Mark Zuckerberg has always had both great ambition and borderline neurotic attention to Facebook users’ reactions every time he releases algorithm updates to rake in more data. That’s why he announced campaigns to fight fake news, racism and xenophobia, all of which could pollute the regular flow of data on the network.
Zuckerberg started Facebook to develop a global community governed by political correctness, where people could express themselves without harming other users’ dignity. While he might share a democratic and cosmopolitan vision, the only thing that really matters is that money keeps flowing into Facebook’s reserves, and that — some analysts claim — earnings are proportional to the degree of morality and transparency the social network is managed with. It doesn’t matter if data is then packaged and sold to the highest bidder behind closed doors.
At the end of the day, Facebook’s terms and conditions establish that individuals transfer ownership of their personal data — photos, posts, videos — to Mark Zuckerberg, who can then process it as he pleases.
This might not spark outrage in the US, but in Europe it amounts to a violation of both privacy and individual sovereignty over internet communication. It is a legal, juridical and political difference that stood out in all its force in the Cambridge Analytica files.
The European Union has reacted emphasizing that certain individual rights cannot be relinquished to business, while from the outset the UK and US have focused on the issue of the legitimacy of buying and selling personal data ahead of an election or referendum. However, this isn’t the first American election marred by the profiling of users to micro-target political propaganda. Both Republicans and Democrats have done it in the past. What was striking this time was that Trump resorted to it — he’s always despised Silicon Valley types for their cosmopolitan ideas he claims are anti-American. And Apple, Google, Facebook and other tech companies certainly despise him too. But everything is fair game in politics: even buying personal data of 50 million Americans to personalize an electoral campaign.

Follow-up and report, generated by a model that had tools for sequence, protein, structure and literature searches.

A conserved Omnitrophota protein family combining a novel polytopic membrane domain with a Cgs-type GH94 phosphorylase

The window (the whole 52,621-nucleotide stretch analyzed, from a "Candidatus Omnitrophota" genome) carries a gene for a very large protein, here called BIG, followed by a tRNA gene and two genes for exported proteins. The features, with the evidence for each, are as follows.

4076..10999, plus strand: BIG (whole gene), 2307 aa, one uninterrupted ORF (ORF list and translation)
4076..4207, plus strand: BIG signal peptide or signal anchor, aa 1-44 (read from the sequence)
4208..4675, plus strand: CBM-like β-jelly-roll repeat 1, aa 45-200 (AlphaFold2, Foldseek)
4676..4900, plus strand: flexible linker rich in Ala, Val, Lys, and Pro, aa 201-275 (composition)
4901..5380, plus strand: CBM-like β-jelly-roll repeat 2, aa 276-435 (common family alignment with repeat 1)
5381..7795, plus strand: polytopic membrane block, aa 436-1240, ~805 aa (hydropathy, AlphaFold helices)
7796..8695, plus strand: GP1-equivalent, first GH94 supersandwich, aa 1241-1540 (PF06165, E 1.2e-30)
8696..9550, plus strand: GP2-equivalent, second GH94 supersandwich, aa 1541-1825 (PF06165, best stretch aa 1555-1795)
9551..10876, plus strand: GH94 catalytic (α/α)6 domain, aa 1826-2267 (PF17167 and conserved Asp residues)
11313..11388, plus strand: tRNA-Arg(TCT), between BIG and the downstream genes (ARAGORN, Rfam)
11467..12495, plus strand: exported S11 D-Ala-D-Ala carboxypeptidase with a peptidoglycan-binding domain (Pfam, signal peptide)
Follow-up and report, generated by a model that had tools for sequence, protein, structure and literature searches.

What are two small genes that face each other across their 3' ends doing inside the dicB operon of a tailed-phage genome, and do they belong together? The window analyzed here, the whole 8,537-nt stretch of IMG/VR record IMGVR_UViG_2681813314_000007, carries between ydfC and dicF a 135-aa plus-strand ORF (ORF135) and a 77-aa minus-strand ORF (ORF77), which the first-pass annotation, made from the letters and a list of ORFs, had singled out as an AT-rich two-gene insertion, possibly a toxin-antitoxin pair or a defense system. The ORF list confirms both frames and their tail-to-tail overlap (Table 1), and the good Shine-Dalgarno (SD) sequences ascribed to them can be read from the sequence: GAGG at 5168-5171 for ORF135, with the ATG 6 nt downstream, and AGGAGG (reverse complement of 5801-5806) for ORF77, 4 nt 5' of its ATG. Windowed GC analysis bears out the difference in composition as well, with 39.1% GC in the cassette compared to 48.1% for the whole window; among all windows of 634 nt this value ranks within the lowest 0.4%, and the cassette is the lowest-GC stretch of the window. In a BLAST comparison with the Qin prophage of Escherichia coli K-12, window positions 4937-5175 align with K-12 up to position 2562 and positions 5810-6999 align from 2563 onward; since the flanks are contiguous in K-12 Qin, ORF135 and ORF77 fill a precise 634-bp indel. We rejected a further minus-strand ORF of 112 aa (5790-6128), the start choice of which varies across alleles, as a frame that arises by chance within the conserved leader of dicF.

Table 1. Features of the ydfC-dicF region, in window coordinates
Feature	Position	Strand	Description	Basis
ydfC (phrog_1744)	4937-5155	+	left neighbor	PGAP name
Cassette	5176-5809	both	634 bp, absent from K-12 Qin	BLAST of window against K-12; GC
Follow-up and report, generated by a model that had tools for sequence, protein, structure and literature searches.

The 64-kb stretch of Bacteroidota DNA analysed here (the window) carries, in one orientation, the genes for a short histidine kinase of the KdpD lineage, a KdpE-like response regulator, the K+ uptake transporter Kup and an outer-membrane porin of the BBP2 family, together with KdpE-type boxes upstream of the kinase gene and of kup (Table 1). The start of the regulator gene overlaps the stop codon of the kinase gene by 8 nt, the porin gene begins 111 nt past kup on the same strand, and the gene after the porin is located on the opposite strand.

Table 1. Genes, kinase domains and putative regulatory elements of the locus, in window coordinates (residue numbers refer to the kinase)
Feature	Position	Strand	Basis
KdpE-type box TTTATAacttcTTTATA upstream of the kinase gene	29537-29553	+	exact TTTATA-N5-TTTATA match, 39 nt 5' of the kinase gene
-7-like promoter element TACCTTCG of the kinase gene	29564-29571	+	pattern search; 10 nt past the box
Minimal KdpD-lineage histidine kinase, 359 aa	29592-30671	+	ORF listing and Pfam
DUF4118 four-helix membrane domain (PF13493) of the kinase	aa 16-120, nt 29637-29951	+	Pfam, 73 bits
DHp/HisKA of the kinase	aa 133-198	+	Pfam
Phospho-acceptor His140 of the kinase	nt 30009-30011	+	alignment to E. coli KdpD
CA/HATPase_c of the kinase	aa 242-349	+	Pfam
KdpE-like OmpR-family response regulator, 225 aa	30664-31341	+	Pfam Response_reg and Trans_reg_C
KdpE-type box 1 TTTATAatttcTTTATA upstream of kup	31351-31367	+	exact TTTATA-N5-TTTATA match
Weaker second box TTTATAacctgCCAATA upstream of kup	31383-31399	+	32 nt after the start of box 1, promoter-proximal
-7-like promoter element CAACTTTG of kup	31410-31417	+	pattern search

I might decide to transfer rights on my personal data, but, dear Mark, use it well: in the US, Facebook’s breach of trust was the source of public outrage.
Facebook was made to pay for it Tuesday, as its shares dwindled on the stock market. But all big data is a risk for democracy. Facebook, just like all other web technologies, is both a company and a technology for social control. The Cambridge Analytica files shine a light on public opinion manipulation practices, from boosting approval to the relationship between new and old media.
The internet is a virtually unlimited repository of anxieties, desires, and needs of men and women. Whoever controls it has greater power than nation states and international organizations. Hence, competition is harsh: that repository is the raw material of business – it’s collected, processed, packaged and sold in order to advertise, but also to understand moods, tensions and lifestyles in the real world. The manipulation of public opinion is a business like many others, and it has the power to influence old media, too (TV, radio, print). In a nutshell: Facebook, Twitter, Amazon, Apple, Google — not to mention the Chinese Baidu and Alibaba — are both economic and political superpowers.
Indeed, the internet is radically reshaping the relationship between politics and the economy — paving the way for the latter’s supremacy on the former. Perhaps that’s why Mark Zuckerberg is keeping a low profile: it might all turn into a storm in a teacup. You could bet we’ll find out other politicians who abused big data. But it would be politically relevant if practices of data collection, processing and reduction to goods to sell on a market became the center of the debate.
The resulting bigger picture would be one of electoral consultants and strategists who sell not only their skills, but also a worldview and social ideas to deepen subordination of the governed to the governors. Indeed, algorithms are never neutral, because they always serve a worldview. Cambridge Analytica is only a piece of the great internet puzzle: an example that has been revealed to the public and shows how post-democracies work.